Search Results

You are looking at 1 - 2 of 2 items for

  • Author or Editor: Muhammad Imran Al-Haq x
  • Refine by Access: All x
Clear All Modify Search
Free access

Muhammad Imran Al-Haq, Y. Seo, S. Oshita, and Y. Kawagoe

The fungicidal effectiveness of electrolyzed oxidizing (EO) water on peach [Prunus persica (L.) Batsch.] fruit was studied. Fruit were inoculated with a spore suspension of 5 × 105 conidia/mL of Monilinia fructicola [(G. Wint.) Honey] applied as a drop on wounded and nonwounded fruits, or by a uniform spray-mist on nonwounded fruits. Fruit were immersed in tap water at 26 °C for 5 or 10 minutes (control), or treated with EO water varying in oxidation-reduction potential (ORP), pH, and free available chlorine (FAC). Following treatment, fruit were held at 20 °C and 95% relative humidity for 10 days to simulate retail conditions. Disease incidence was determined as the percentage of fruits showing symptoms of the disease, while severity was expressed as lesion diameter. EO water did not control brown rot in wound-inoculated fruits, but reduced disease incidence and severity in nonwound-inoculated peach. Symptoms of brown rot were further delayed in fruit inoculated by a uniform-spray mist compared with the nonwounded-drop-inoculated peaches. Fruit treated with EO water held for 8 days at 2 °C, 50% RH, did not develop brown rot, until they were transferred to 20 °C, 95% RH. The lowest disease incidence and severity occurred in fruit immersed in EO water for up to 5 minutes. EO water having pH 4.0, ORP 1,100 mV, FAC 290 mg·L-1 delayed the onset of brown rot to 7 days, i.e., about the period peach stays in the market from a packing house to consumer. No chlorine-induced phytotoxicity was observed on the treated fruit. This study revealed that EO water is an effective surface sanitizer, but only delayed disease development.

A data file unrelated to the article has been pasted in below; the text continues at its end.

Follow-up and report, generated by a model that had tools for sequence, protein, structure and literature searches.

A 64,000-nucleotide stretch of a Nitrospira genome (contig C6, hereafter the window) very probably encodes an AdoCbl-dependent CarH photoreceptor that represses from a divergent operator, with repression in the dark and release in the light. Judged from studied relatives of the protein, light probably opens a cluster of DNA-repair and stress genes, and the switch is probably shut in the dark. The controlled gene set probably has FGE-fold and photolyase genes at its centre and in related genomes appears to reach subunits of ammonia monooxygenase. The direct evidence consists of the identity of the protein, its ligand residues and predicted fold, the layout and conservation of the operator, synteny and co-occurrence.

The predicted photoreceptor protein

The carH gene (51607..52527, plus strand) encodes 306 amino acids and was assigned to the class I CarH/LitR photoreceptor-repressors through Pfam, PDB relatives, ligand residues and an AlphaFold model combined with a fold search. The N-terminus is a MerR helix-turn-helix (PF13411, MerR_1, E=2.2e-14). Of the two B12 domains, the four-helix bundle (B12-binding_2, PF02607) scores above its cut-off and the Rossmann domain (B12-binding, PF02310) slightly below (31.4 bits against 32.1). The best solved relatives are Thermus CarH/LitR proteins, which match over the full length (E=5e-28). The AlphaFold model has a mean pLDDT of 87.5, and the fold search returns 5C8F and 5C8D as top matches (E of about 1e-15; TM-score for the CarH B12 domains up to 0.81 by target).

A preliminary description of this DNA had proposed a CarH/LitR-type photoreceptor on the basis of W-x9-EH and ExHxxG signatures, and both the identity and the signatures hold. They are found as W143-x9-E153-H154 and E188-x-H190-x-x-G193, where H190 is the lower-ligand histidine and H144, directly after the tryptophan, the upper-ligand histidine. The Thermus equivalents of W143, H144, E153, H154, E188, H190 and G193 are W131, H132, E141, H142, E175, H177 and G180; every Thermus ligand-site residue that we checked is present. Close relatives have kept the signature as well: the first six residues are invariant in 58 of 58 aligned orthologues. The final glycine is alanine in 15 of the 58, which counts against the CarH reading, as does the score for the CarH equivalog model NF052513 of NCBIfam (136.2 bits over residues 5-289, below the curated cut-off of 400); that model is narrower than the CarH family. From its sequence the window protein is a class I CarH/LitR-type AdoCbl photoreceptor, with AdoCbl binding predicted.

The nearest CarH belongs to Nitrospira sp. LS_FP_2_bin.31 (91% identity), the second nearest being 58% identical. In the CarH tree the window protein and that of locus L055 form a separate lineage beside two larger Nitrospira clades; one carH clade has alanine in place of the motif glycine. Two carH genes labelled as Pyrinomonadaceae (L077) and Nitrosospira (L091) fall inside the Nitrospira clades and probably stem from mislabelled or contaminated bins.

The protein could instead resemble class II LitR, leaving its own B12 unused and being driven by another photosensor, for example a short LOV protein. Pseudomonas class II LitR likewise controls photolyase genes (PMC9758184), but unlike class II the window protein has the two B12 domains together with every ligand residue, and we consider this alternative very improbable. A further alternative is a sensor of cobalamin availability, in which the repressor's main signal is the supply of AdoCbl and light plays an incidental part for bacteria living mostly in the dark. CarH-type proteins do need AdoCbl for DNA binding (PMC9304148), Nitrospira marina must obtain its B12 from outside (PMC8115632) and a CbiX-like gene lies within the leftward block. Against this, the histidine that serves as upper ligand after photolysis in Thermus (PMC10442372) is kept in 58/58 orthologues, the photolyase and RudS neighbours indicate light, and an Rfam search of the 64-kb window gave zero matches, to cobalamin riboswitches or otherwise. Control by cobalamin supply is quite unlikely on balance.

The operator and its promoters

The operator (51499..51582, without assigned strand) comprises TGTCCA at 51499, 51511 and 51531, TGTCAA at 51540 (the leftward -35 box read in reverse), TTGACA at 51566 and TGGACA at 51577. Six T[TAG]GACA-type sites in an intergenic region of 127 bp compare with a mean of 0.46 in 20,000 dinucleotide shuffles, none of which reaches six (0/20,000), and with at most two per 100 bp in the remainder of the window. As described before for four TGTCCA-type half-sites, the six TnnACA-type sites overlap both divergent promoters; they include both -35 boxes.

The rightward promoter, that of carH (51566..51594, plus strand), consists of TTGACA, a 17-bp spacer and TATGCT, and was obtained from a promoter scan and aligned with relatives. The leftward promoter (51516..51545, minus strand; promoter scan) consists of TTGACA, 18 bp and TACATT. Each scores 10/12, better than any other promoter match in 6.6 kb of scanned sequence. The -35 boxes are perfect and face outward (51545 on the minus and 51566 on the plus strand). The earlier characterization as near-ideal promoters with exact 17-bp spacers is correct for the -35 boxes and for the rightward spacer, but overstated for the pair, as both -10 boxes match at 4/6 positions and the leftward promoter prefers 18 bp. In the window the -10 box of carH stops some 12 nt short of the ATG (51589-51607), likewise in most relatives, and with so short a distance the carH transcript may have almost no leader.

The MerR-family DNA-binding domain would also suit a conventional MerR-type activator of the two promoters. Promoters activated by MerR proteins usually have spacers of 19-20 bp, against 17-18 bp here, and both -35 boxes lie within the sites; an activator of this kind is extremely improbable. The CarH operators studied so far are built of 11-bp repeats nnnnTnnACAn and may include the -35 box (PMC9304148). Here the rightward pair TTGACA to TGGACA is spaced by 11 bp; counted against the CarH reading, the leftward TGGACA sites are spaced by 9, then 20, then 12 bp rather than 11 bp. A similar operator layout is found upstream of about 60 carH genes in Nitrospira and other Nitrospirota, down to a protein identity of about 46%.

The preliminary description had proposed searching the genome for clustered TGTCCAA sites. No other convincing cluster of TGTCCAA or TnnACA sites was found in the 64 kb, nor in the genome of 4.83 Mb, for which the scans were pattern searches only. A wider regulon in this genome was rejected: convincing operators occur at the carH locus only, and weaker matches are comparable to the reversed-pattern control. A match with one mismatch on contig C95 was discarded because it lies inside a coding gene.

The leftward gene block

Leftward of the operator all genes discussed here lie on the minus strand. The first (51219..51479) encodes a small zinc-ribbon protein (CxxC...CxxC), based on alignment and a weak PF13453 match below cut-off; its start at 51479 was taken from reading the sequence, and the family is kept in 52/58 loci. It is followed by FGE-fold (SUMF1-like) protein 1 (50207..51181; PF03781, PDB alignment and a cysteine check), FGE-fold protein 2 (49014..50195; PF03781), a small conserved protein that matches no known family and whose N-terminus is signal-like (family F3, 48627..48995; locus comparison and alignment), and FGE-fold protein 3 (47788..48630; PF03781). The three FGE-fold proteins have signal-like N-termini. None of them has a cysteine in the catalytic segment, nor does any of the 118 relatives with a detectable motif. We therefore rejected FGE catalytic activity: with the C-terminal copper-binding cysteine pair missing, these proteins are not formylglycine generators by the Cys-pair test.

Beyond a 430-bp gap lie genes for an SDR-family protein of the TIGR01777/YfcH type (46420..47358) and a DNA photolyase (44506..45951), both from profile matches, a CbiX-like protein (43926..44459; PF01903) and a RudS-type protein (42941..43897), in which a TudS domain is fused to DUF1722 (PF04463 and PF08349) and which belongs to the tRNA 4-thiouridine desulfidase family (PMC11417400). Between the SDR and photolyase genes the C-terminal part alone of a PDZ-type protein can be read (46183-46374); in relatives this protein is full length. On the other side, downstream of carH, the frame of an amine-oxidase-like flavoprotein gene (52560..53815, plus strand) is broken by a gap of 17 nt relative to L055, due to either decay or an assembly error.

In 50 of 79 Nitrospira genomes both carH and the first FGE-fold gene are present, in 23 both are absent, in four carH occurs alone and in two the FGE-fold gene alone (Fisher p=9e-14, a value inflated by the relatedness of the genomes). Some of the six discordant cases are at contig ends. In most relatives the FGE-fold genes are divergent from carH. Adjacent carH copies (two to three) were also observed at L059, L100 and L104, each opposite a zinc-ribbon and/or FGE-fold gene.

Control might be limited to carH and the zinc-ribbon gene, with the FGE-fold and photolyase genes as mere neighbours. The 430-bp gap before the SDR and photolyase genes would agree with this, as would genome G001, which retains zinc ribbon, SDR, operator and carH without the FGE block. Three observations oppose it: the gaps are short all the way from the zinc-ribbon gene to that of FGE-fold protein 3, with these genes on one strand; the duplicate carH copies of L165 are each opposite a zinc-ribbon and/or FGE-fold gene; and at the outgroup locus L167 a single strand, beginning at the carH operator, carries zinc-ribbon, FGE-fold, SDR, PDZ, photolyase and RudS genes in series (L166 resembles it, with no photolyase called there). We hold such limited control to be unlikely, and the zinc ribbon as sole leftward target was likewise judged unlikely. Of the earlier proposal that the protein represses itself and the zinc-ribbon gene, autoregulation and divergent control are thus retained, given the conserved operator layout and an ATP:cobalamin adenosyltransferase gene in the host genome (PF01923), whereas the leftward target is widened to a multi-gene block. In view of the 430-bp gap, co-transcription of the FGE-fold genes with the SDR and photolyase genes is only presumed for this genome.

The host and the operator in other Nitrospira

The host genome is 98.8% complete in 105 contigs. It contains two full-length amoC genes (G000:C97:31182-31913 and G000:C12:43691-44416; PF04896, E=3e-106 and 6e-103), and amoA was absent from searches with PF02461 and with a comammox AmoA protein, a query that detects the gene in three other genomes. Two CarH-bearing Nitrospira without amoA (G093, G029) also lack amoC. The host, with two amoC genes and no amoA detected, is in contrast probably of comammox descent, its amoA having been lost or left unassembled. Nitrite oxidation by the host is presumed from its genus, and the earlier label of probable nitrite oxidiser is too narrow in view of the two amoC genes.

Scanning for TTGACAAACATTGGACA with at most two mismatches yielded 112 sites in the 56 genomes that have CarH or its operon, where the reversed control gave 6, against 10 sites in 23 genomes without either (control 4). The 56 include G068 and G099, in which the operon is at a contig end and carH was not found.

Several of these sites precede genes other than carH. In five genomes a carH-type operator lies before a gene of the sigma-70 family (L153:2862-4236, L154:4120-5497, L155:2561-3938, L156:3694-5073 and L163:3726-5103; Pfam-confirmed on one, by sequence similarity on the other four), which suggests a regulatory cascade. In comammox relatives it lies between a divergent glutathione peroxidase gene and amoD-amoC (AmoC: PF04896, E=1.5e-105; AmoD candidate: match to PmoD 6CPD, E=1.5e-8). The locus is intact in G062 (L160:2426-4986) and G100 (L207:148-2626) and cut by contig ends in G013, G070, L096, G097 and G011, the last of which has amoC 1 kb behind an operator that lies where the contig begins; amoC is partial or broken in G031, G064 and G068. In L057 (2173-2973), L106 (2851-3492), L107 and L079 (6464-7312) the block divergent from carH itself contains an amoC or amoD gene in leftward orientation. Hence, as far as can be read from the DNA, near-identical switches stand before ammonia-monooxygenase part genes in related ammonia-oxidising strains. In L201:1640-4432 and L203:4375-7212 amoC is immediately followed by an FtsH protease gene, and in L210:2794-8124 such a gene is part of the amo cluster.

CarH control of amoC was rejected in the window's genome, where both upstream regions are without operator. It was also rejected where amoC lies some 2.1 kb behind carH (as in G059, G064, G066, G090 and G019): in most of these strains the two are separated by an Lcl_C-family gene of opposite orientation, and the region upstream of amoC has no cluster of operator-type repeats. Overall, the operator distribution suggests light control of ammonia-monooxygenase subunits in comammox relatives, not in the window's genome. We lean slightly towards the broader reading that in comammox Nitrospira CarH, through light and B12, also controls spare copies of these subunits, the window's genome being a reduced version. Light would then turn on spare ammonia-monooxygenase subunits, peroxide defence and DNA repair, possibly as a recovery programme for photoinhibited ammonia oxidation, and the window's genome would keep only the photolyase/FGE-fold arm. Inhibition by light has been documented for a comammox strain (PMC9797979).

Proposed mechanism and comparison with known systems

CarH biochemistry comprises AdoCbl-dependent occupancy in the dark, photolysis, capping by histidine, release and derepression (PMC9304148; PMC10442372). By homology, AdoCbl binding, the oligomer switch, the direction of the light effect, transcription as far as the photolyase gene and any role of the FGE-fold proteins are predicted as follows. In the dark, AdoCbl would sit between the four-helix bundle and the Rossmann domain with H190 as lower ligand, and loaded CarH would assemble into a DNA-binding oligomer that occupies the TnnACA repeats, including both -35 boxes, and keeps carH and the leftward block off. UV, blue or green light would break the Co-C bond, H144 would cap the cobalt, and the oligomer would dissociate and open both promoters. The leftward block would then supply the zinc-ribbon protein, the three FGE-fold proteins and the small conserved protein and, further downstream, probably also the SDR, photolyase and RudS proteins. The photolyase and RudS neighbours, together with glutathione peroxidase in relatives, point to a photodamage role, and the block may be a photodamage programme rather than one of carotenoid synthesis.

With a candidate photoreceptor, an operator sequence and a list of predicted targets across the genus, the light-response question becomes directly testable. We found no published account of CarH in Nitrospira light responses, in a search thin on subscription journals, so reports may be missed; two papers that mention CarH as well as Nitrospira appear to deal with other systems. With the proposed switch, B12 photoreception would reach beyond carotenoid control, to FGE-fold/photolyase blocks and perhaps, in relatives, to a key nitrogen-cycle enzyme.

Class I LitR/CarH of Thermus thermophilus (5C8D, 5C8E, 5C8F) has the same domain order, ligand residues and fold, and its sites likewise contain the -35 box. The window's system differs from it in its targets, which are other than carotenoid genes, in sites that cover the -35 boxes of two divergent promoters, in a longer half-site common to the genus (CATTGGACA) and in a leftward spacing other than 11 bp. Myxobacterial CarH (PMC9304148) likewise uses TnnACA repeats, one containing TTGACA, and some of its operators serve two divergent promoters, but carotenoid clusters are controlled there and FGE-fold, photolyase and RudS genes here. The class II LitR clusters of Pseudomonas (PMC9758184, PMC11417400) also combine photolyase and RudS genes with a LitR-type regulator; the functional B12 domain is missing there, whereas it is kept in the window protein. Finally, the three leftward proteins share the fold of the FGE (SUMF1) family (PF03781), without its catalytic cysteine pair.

Free access

Muhammad Imran Al-Haq, Junichi Sugiyama, Akiko Tomizawa, and Yasuyuki Sagara

The effect of amount of manure (animal dung) on the texture of muskmelons (Cucumis melo L.) has been studied. Melons were grown in a greenhouse with 20 and 50 t·ha-1 of manure. Melons were harvested four times at 4-day intervals and kept at ambient conditions for about 8-12 days. Texture was determined by using “Firm Tester” that employs acoustic technology and to provide a firmness index expressed as transmission velocity [meters per second (m/s)]. At the time of the first, second, third and fourth harvest the fruit grown with 20 t·ha-1 manure gave mean transmission velocities of 54.5 ± 2.5, 55.2 ± 5.7, 49.6 ± 4.8, and 46.8 ± 9.4 m/s, respectively. Linear regression equations for fruit grown with 20 t·ha-1 manure showed that the fruit from the first harvest took 10 days to reach 40 m/s, while fruit from the second, third and fourth harvest took 11, 9.5, and 4 days, respectively, to reach this index. The corresponding values for fruit grown in 50 t·ha-1 of manure were 7.5, 10, 5.5 and 4.5 days, those from the second harvest gave the best keeping quality. The firmness index of melon grown in 20 t·ha-1 of manure was greater than that grown in 50 t·ha-1 manure. Higher soil NO3-N contents were associated with softer melons. The correlation between panelist scores for texture and the firmness index was 0.907. Both °Brix and panelist scores for sweetness indicated that manure did not affect the sweetness of melon. The digital firmness tester could detect the effect of manure on the texture of the melons, and could be used to determine the appropriate time of harvest for each and every individual melon.